Premise (1) seems true, and premise (3) also seems true (I take it the sort of things that would prompt your quote also support (3)). So premise (2) is where the dispute seems like it should occur between the proponent of the argument and the theist. But it does seem at least somewhat plausible especially when one factors in circumstances involving horrendous evils (i.e. evils the experience of which would make the sufferer reasonably wish she had never been born). It seems as if God as a loving parent would wish to comfort such sufferers and that at least some of them would be capable of a loving relationship with God; it also seems implausible to suggest that God’s not doing so is always a result of some culpability in the sufferer. Of course the theist then appeals to some sort of second-order hiddenness to explain the reasonableness of God’s remaining hidden, i.e. the reason that God remains hidden in such circumstances is also hidden from us because we cannot, as finite knowers, comprehend the goods, evils and their relationships generally and particularly in such a difficult circumstance. And then of course the atheist is unconvinced. But when has one side ever convinced the other in disputes such as these?”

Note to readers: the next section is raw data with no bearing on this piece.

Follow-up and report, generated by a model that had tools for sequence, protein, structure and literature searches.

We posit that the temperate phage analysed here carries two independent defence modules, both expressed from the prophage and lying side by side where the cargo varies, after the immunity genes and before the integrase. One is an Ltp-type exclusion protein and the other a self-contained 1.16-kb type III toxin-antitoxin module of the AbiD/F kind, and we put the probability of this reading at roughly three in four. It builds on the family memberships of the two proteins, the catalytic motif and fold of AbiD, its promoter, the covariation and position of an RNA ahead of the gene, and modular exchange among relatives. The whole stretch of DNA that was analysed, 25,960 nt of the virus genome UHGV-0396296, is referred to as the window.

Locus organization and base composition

What fun, when a casual meditation on divinity and intelligent (game) design should invoke so thoughtful a response! So I wrote back, saying that “I always resist premises that presuppose what we know would be the case if X. My everyday experience suggests that we (even philosophers!) are not reliably good at drawing inferences from data immediately at hand — how much more cautious should we be about proposing what must be the case relative to the motivations and characteristics of a persona not immediately known to us (or, if sometimes immediately, at least not uncontrovertibly) one of whose posited characteristics entails being qualitatively different from us?”